Interesting the way the shell splits when fired without a chamber altogether. Very similar to the above. Almost like the barrel wall provided no resistance whatsoever:

https://www.youtube.com/watch?v=_SSdLQcGEio


Edited by Dan S. W. (05/16/19 04:15 PM)

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#546110 - 05/16/19 03:18 PM Re: "The Southern" Chamber Burst [Re: Drew Hause]
KY Jon Offline
Sidelock
**

Registered: 03/09/02
Posts: 6265
Loc: Red State
Was it known that the shell was a reload the entire time? Looking at the obvious signs of over pressure, the way the primer flowed into the area around the firing pin is classical, the way the hull rim expanded into the extractor area is the same.

Are we certain this is a reloaded shell? One problem I have with low pressure reloads is that they often don’t take up enough room in the hull. So if extra anything gets in the hull, that extra space just gets filled in and the crimped shell can look normal. People think all over pressure loads are double charges of powder but they do not have to be that much extra powder. Makes you think of how lucky we are in our reloads. I’ve loaded several hundred thousand shells with no graphic failures like this one. Worst for me is the odd cocked wad or squibs loads

I had a PW machine which would create an overload problem in 20 gauge. Talking with one of the fellows at Alliant I was told using Green Dot, my all purpose powder at the time, four to five grains extra powder would cause pressures to climb quickly in dangerous ranges. I sent that machine back twice to PW who went over it. It still had the same problem so over the side of a bridge it went.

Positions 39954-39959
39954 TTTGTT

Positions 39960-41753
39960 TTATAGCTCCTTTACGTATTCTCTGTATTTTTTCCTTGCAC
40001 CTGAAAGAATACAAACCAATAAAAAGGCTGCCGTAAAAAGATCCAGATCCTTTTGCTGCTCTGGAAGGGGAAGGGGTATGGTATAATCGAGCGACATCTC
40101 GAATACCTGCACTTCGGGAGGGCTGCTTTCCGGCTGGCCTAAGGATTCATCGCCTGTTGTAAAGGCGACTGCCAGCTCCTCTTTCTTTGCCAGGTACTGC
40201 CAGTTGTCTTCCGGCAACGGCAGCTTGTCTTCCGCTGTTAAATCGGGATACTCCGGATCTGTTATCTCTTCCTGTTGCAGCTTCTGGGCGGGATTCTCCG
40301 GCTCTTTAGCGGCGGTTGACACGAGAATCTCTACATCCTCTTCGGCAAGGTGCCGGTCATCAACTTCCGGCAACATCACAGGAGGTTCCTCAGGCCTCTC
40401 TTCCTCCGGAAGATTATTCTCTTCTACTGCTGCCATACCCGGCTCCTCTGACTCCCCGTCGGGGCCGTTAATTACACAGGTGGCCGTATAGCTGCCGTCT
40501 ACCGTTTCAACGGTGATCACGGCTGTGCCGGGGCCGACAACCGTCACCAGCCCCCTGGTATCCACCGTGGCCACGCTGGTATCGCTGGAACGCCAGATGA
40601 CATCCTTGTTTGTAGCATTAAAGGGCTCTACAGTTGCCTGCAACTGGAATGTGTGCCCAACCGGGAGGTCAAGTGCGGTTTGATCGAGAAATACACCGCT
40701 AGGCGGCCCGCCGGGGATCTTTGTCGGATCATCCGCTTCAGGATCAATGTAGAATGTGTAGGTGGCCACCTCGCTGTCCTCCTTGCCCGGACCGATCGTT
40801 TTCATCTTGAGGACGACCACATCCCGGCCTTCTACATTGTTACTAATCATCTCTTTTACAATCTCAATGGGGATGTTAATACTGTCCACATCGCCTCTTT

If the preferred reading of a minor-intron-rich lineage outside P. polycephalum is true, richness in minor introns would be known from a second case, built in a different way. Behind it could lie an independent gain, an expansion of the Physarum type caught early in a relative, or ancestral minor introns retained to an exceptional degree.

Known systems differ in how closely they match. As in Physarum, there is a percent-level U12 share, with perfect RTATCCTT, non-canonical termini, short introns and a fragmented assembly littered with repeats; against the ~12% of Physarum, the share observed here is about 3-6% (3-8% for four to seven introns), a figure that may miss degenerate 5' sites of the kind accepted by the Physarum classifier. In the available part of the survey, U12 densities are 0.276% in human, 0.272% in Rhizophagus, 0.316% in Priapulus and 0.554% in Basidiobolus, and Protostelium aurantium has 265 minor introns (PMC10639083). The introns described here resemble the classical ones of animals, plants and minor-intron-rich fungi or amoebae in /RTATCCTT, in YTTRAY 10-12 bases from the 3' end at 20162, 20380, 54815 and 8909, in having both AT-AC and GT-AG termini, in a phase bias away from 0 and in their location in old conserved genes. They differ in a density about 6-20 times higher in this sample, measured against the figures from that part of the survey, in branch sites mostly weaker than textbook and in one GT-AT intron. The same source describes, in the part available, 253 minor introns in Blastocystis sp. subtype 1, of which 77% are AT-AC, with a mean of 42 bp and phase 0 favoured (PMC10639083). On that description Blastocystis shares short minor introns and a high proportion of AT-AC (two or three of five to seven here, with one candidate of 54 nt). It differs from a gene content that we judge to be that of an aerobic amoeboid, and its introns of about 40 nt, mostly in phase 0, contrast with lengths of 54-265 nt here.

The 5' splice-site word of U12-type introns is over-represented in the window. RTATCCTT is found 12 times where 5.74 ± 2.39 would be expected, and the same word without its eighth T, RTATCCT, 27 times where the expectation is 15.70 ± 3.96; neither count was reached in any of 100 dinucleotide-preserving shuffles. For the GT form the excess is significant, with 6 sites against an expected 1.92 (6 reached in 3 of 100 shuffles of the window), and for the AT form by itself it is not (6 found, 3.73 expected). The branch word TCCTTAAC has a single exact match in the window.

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#546113 - 05/16/19 03:43 PM Re: "The Southern" Chamber Burst [Re: Drew Hause]
Joe Wood Offline
Sidelock
**

Registered: 12/31/01
Posts: 3483
Loc: Texas
i agree, Ky Jon, the blown hull exhibits excessive pressure and I think we will find it was the catalyst for the blowout though the barrel vas weakened by poor joining and evidently a crack that went undiscovered for a long time.
_________________________
It ain't whether you hit a bird that matters, it's the fun you have even if you don't.

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#546118 - 05/16/19 05:13 PM Re: "The Southern" Chamber Burst [Re: Drew Hause]
Mills Offline
Sidelock

Registered: 01/10/12
Posts: 214
Loc: GA/SC
Very interesting. Thanks for your work Drew! We can use all the knowledge we can get

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#546121 - 05/16/19 06:16 PM Re: "The Southern" Chamber Burst [Re: Drew Hause]
gil russell Offline
Sidelock
**

Registered: 02/27/03
Posts: 1354
Loc: Southwest
Very interesting; thank you for sharing that. Gil
_________________________

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#546126 - 05/16/19 06:41 PM Re: "The Southern" Chamber Burst [Re: Drew Hause]
Geo. Newbern Offline
Sidelock
***

Registered: 01/02/02
Posts: 6699
Loc: Georgia, USA
Maybe third thread will be the charm, Dr. Drew. Thank you for sharing your investigation with the rest of us...Geo

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#546131 - 05/16/19 07:23 PM Re: "The Southern" Chamber Burst [Re: Drew Hause]
JHJ Offline
Sidelock
*

Registered: 01/01/02
Posts: 232
Loc: Central SC
In as much as the word "detonation" has been disqualified, I'll gladly settle for "burst".